PERHAPS NO drug better illustrates the problem with the US Dietary Supplement Health and Education Act of 1994 than does the adrenal hormone dehydroepiandrosterone (DHEA).
Although mounting evidence suggests that DHEA may have a broad range of clinical uses, the long-term effects of the substance are unknown. But that hasn't prevented the creation of a large and growing market for what many are calling a miraculous "Fountain of Youth."
DHEA has become the latest drug of choice for talk shows and reports in the print and broadcast media, where it is being touted as an "antidote for aging" and a "superhormone" that can help burn fat, build muscle mass, boost libido, strengthen the immune system, prevent heart disease, cancer, and non—insulin-dependent diabetes, retard memory loss, help in the treatment of systemic lupus erythematosus, and prevent or slow the progression of Alzheimer and Parkinson diseases.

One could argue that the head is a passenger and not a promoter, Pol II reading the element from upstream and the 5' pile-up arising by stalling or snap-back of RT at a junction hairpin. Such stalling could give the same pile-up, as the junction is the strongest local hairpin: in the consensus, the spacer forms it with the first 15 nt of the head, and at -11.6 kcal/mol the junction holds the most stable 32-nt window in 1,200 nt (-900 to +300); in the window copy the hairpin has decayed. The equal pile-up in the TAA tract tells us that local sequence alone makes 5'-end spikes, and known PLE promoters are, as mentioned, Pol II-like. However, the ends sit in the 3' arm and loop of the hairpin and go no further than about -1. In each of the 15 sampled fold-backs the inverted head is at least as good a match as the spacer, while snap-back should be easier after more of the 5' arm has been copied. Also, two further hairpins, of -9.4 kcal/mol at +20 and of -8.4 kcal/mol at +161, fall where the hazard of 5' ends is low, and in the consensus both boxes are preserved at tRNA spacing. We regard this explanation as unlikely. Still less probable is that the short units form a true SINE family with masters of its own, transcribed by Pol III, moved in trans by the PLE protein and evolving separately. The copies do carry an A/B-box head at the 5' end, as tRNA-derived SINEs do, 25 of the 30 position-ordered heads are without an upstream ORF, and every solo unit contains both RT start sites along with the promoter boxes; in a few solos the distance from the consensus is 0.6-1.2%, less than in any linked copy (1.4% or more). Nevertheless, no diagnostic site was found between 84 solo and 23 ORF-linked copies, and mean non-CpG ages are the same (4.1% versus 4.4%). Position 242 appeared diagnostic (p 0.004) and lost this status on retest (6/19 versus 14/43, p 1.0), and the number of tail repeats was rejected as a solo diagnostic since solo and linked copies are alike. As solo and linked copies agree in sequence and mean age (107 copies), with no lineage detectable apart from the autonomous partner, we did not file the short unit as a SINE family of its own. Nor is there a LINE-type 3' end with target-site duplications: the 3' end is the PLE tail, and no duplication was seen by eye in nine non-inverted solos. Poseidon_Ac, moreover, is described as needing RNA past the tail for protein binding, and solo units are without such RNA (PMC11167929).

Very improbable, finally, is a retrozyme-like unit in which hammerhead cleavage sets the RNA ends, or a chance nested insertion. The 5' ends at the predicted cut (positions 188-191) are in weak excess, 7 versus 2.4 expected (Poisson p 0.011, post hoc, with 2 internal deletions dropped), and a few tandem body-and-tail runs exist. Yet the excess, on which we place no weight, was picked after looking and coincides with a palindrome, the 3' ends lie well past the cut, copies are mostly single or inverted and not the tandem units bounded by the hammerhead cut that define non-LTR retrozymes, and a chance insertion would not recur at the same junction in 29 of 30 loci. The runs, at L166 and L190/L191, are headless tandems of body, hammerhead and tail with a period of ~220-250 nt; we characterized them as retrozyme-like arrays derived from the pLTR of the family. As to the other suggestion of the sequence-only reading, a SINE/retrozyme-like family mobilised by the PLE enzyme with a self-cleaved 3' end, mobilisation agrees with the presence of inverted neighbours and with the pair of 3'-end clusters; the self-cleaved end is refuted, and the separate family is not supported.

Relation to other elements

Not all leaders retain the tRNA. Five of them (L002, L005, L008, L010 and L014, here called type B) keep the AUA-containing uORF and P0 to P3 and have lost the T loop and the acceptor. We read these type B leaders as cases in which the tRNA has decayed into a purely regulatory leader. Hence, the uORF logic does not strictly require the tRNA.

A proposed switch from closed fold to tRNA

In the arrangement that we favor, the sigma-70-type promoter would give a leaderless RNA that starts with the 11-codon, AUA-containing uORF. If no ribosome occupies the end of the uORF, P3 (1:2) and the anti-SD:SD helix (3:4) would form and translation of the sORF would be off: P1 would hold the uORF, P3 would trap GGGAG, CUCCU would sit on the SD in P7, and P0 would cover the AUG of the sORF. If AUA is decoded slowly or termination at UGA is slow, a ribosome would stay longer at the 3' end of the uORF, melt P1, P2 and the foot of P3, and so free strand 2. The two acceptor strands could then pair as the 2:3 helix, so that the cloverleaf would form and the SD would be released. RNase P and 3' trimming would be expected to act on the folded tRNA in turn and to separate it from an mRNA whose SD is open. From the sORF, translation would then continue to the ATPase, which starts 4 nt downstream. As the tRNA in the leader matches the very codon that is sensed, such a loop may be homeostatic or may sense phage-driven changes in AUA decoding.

All this, despite the